It was an unusually cool spring day in Ingervale. Douglas Smith was working in his father’s smithy; fixing a brooch for Marian Baker and a plow coupling for Abigail Farmer. His father and brother were making a delivery to the south and his sister was working in the back. He watched two travelers approach from out of the northern valley. They were on horseback and towed a heavily packed mule. The man on the left was heavy set and wide in the shoulders, with a horse to match. The other was slight, and rode without stirrups. The style of their beards and clothing made Douglas think they were likely from northern Brevoy. He put down the pliers he was using to fix the brooch and walked out into the sun to approach the riders as they entered the smithy yard.
“Can I help you gentlemen?” He asked.
“We’re looking for smith,” said the larger man.
“This is a smithy. I’m a smith,” Douglas replied.
“Not a jeweler?” The man asked gesturing toward the brooch in Douglas’ hands.
“Not a jeweler,” Douglas replied.
The men laughed to one another.
“But I can fix a clasp for your brooch or bodice if you like,” Douglas added.
Only the smaller man laughed. The larger man shot him a look then nodded to Douglas.
“Thank you, no,” he said with a half-smile. “We have some weapons that need sharpening, however.”
“Sure thing,” Douglas replied. “You can wait here if you like. It’ll just take a few minutes.”
The two men looked at one another as they climbed off of their horses.
“Oh, it might take more than that,” the larger one said.
They began to remove weapons and place them on a nearby table. They each had a sword on one hip and a dagger on the other. One had a smaller dagger in his boot and the other had one on his back, hidden by his cloak. Then they pulled weapons from scabbards strapped to their saddlebags, and from the saddlebags themselves. They set those on the tale. Then they pulled weapons from the mule’s packing, and set those on the table. All in all, they set twenty-one weapons on table of all varieties. Some were recently worn. Some appeared to have centuries of neglect.
“That’s it?” Douglas asked. “There aren’t any you fed to the mule and we need to wait for?”
“Sharp witted question, but no,” the larger man answered.
“Well…I can do the lot for fifty copper,” Douglas offered, “but it’ll take a couple of hours.”
“I was thinking something closer to thirty,” the man countered.
“It’ll mean no money for lunch for me today,” Douglas said, shaking his head, “but I’ll do it for forty.”
The man scratched his head, pulled at his beard, and looked toward his friend.
“Forty it’ll have to be,” he finally conceded.
Then he pulled open his coin purse and Douglas saw that it was filled with gold and silver. The man had to sift through it to find coinage small enough to pay.
“Mind if I ask a question?” Asked the smaller man, speaking for the first time.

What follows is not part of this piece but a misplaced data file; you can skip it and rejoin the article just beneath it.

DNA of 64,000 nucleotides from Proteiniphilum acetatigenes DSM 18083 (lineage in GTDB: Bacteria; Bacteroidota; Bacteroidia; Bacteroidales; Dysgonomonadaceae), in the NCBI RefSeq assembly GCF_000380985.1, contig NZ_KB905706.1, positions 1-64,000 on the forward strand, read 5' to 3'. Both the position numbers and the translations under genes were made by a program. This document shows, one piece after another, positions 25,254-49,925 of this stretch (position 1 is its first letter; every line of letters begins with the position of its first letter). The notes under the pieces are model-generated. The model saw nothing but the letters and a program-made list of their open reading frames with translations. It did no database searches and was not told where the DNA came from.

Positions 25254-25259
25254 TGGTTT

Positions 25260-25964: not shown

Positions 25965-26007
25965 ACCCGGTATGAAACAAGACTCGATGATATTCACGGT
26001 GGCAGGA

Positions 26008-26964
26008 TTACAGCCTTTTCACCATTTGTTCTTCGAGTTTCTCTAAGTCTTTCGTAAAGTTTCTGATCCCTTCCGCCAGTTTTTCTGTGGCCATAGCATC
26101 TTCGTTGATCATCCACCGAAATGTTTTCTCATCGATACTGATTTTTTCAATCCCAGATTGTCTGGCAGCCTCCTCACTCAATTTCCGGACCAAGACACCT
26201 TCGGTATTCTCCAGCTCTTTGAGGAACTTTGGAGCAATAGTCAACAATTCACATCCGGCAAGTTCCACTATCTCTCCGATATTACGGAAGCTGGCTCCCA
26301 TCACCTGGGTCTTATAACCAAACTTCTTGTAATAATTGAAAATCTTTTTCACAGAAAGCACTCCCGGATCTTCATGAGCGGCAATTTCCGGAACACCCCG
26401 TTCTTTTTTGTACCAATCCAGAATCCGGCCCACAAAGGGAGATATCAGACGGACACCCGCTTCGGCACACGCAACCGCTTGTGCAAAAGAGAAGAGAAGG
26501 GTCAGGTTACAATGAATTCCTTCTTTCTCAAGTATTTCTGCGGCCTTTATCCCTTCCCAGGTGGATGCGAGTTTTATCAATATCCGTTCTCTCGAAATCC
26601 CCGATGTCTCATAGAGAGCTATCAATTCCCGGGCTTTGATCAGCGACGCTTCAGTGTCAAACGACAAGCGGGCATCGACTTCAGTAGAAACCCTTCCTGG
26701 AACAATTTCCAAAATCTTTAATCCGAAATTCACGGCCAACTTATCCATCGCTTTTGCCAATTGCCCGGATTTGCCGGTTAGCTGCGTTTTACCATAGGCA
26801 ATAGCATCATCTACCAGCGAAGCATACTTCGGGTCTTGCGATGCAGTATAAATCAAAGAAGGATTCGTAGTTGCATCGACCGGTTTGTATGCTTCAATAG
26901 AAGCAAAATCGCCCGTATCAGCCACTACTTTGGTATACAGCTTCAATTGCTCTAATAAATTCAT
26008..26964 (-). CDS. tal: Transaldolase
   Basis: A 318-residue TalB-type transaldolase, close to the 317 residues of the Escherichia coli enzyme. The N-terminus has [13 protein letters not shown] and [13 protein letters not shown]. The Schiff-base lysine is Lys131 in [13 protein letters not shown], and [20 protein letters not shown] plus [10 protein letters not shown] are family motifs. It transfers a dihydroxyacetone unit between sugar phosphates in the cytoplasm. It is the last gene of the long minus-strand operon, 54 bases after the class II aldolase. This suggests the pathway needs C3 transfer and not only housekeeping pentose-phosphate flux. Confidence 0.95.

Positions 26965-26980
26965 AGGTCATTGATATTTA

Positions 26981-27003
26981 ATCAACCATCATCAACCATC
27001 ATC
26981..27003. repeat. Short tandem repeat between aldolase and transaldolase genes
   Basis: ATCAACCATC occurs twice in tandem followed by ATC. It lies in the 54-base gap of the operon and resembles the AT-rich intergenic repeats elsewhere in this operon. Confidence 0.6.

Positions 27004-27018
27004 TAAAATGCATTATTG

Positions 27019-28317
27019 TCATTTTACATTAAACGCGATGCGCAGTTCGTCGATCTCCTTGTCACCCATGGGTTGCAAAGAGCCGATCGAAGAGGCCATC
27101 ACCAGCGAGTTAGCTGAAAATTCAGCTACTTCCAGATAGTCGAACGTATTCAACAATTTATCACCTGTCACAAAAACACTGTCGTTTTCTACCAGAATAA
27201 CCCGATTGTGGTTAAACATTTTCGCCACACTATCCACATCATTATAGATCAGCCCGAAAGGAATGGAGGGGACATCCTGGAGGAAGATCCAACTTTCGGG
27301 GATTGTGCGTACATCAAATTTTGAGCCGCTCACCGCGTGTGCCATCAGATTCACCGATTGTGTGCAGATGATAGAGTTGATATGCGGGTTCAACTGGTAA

“Depends on the question,” Douglas answered, visually counting the coins that had just been placed in his hand.
“Those statues at the entrance to the valley, were those real trolls once?” the smaller man asked.
“It depends on who you ask,” Douglas replied. “Do you have time for story? It’s not too long.”
They both nodded
“Those statues,” Douglas began, “there are twelve of them, they’ve been here since the first Inger home was built here. First thing you should know is that there was an Inger community before this one. It’s another story; but suffice to say, we were given no choice but to leave. Cole Inger was sent to lead a scouting party to find a new land for an Inger settlement. He eventually came by this valley. The popular legend is that a small tribe of trolls was already living here. He and the men that accompanied him attacked one late night, while the trolls were out hunting, and before they returned to their caves. The trolls were nearly victorious. Cole found himself alone and fleeing up the side of the valley, desperately trying to lure the trolls up into the light of dawn that was touching the lip of the valley. The trolls didn’t bite. They turned to flee back to their caves before the sunlight reached the valley basin. But Cole’s party had not been idle the day before. They had spent the day hammering and polishing all the metal they had. Cole rolled out a large polished disc from the bushes and reflected the sun’s rays down at the trolls. That was that.”
“Is that what you believe?” The larger man asked.
“I once did,” Douglas answered. “Now, I don’t know. Some say the statues were here when he got here, and could be trolls or could have been carved. Some say Cole Inger carved them himself.”
“If any of those are the truth, what happened to the rest of the party that he left with?” Asked the smaller man.
“That’s a mystery, isn’t it?” Douglas agreed. “Cole Inger took up masonry years later and changed his family name to Carver. He was the last with the Inger name. So, personally, I tend to suspect he carved them. But I couldn’t begin to guess what happened to those other men.”
“He was the last with the Inger name? So there are no Ingers in Ingervale?” The larger man asked.
“There are no Inger-Folk with the family name Inger anymore. That’s right,” Douglas confirmed, “but we’re all Ingers.”
“You’re an unusual lot, you Ingers,” the large man said as they started to walk off.
“We like it that way,” Douglas muttered as carried the first sword over to the grinding wheel.